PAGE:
I realize the question is for me. I turn away from the airplane window to the woman on my right, who is studying my face intently. Several hours ago, we’d exchanged pleasantries and I’d mentioned that I was a writer.
“No, not a novelist,” I say.
She and her husband both look terribly disappointed.
“What do you write, then?” she wants to know.
“Whatever people will pay me to write,” I say. “I’ve written for magazines, papers—”
The husband perks up considerably. “Anything we’ve heard of?”
“Uh, well, let’s see. I wrote for the Boston Globe, the Sunday Magazine,” I say. “And I’ve done a lot of marketing materials.”
He nods, but he is not impressed. I am seriously wishing I had ordered the gin and tonic.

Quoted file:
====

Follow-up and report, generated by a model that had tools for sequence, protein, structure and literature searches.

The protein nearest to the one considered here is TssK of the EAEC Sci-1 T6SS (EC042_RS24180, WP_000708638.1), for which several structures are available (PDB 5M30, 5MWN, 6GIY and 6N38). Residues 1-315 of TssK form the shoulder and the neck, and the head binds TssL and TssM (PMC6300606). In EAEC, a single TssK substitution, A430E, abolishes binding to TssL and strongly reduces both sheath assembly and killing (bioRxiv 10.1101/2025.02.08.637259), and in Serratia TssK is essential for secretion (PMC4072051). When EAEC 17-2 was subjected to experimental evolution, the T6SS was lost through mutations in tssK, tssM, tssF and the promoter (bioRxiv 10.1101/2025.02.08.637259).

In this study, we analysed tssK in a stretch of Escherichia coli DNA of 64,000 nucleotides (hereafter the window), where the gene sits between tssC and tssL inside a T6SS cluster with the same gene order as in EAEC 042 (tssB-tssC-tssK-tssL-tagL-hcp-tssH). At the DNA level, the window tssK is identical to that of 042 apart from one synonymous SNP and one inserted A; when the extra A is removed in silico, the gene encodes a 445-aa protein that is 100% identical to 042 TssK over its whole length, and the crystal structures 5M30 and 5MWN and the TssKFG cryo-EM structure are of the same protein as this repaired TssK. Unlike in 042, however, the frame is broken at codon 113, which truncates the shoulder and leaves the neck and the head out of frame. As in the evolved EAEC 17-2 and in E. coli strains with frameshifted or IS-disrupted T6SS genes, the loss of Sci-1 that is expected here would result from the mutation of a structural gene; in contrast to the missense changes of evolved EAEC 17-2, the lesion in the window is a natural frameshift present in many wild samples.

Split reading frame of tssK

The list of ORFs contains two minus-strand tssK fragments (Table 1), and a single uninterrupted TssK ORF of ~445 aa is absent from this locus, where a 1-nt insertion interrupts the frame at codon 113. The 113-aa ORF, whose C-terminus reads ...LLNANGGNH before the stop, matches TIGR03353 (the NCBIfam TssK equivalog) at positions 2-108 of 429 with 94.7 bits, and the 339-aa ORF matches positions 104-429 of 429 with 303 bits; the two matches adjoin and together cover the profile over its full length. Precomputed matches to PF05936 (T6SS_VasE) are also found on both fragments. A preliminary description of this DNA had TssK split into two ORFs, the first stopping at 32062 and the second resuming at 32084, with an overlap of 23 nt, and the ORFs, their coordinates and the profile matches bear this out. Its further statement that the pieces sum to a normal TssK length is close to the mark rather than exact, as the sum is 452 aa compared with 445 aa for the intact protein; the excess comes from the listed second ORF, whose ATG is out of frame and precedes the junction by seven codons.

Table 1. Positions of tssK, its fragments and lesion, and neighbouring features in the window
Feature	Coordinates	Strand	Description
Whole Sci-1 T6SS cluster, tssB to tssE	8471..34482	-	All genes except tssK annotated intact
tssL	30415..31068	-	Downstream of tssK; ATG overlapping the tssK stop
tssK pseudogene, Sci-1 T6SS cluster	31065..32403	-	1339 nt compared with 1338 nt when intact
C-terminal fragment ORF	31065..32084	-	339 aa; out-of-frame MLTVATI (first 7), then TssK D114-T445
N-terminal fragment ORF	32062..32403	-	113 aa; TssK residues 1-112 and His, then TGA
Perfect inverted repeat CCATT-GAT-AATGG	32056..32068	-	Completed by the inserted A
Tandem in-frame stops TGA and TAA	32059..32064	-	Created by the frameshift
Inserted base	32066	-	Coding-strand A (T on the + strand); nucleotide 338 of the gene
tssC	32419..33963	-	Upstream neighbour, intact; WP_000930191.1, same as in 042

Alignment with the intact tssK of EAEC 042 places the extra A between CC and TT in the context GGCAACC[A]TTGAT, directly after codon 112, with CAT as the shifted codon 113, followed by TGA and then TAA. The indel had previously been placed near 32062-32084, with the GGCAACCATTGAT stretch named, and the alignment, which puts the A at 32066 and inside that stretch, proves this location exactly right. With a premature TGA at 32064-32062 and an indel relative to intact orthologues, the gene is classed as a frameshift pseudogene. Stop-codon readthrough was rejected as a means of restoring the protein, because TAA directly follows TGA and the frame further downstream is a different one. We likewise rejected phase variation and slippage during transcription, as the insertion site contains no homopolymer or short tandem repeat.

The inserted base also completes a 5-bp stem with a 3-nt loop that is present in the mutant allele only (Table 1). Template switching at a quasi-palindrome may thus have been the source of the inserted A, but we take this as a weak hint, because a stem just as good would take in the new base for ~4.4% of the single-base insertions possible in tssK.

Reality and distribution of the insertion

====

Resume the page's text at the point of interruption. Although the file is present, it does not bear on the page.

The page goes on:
“But no book?” says the wife.
“No book. I write plays, though. And poetry. But they don’t pay the mortgage.”
“No. I imagine they wouldn’t,” says the wife.
The husband clears his throat. “So…are you part of a pool? A team of writers?”
I just want to read my book, the book on my lap, the book written by a real writer. I want that gin and tonic very, very, very badly. “No, no team. I have a parenting blog, and what work I do find often comes through that. But there’s not a lot of work right now. Freelancers are in a tough spot.”
They continue staring at me, as if I am an exotic zoo specimen, and they are not quite sure they like what they see.
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